in paragraphs 1 through 75 of this Complaint as if set forth fully at length herein.

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77.

Both prior and subsequent to the termination of his employment with

HOA, Hummel knowingly and willfully misappropriated valuable, confidential business information and documents belonging to HOA, and did so by removing such material from Company computers and diverting the same to the possession of La Cima. 78. Hummel failed to return property of HOA to the Company upon the

termination of his employment. This failure thereupon resulted in La Cima's possession and misuse of such property. 79. By these actions, La Cima has directly and proximately caused

economic harm to HOA. 80. conversion. COUNT VI (TORTIOUS INTERFERENCE WITH CONTRACT) 81. HOA repeats and incorporates by reference the allegations contained La Cima is liable to HOA in monetary damages for tortious

in paragraphs 1 through 80 of this Complaint as if set forth fully at length herein. 82. The Agreement (Exhibit B) is a valid and enforceable contract

between HOA and Hummel.

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83.

Upon information and belief, La Cima solicited Hummel to join it as a

partner and executive officer prior to Hummel's resignation from HOA. 84. Upon information and belief, La Cima induced Hummel to

misappropriate trade secrets and confidential business information of HOA, in order that La Cima could make competitive use of them. 85. La Cima had actual knowledge of Hummel's contractual duties of

confidentiality to HOA. 86. La Cima has interfered with HOA's contractual relationship with

Hummel purposefully, and with the intent to harm HOA, by inducing Hummel to violate his contractual duties of confidentiality and to use the Company's confidential and proprietary business information to its competitive detriment. 87. As a direct and proximate result of La Cima's tortious interference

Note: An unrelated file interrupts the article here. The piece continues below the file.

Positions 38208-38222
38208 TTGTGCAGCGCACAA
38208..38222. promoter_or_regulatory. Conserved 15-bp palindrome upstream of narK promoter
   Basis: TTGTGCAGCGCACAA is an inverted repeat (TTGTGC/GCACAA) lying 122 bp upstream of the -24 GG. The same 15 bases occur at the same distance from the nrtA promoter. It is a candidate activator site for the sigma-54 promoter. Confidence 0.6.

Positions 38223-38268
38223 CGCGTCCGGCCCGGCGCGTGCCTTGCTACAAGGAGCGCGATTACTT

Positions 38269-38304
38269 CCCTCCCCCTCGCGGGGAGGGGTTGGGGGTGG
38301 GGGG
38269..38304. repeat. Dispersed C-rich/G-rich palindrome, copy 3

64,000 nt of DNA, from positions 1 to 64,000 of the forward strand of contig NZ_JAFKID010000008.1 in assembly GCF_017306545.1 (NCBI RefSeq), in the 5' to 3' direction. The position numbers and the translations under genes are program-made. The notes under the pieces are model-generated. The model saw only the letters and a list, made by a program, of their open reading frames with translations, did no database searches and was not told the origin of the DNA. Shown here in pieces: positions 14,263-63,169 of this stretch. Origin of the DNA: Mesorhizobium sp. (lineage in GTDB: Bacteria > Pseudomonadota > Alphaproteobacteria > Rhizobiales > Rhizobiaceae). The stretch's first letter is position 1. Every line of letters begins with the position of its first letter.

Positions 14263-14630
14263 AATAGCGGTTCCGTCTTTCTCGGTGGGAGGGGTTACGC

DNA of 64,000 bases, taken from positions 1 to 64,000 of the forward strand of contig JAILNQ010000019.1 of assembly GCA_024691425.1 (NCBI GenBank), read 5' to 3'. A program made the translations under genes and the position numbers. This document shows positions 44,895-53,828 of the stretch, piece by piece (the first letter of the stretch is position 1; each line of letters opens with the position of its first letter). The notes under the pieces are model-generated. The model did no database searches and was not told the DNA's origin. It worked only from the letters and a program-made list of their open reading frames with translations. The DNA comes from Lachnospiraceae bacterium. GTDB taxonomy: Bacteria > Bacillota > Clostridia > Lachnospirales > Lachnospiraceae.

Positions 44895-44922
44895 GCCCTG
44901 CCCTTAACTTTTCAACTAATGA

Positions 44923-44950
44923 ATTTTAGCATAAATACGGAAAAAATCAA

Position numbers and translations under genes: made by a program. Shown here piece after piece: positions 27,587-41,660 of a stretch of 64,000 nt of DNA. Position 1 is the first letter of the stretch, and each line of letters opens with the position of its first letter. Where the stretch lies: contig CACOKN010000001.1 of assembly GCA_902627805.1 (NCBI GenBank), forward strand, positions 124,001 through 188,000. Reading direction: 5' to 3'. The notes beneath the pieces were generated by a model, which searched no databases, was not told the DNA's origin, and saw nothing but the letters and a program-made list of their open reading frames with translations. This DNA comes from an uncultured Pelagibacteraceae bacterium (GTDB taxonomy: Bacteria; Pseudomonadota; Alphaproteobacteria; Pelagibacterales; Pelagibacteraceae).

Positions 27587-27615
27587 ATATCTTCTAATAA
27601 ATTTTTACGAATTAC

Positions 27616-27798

with HOA's contractual relationship with Hummel, the Company has suffered and will continue to suffer substantial economic harm. 88. HOA is entitled to compensatory damages for La Cima's tortious

interference with contract. WHEREFORE, HOA respectfully requests that this Court: (a) Enter judgment in favor of HOA against La Cima;

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(b)

Award HOA compensatory damages in an amount to be determined at trial;

(c)

Award HOA exemplary or punitive damages in an amount to be determined at trial;

(d)

Enjoin La Cima from continuing to employ Hummel in order to prevent both continued exploitation of the trade secrets he misappropriated and the inevitable use and disclosure of the confidential and proprietary business information of HOA he possesses;

(e)

Enjoin La Cima from the continued retention and use of HOA's confidential and proprietary business information;

(f)

Order a forensic examination of La Cima's computer drives and storage devices in order to ensure their full compliance with remedies (d) and (e) hereinabove; and

(g)

Award HOA its reasonable attorney's fees and such other and further relief as the Court deems just and fair. JURY DEMAND

HOA hereby demands a trial by jury on all claims so triable.

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Respectfully submitted, Hooters of America, LLC By its attorneys, /s/ Valerie S. Sanders John H. Fleming (263250) Valerie Strong Sanders (625819) SUTHERLAND ASBILL & BRENNAN LLP 999 Peachtree Street, NE Atlanta, GA 30309-3996 404.853.8000 (ph) 404.853.8806 (fax) [email protected] [email protected] Robert B. Gordon (pro hac vice pending) Jillian M. Harrison (pro hac vice pending) ROPES & GRAY LLP Prudential Tower 800 Boylston Street Boston, MA 02199-3600 617.951.7000 (ph) 617.951.7050 (fax) [email protected] [email protected] Counsel for Plaintiff Dated: September 28, 2011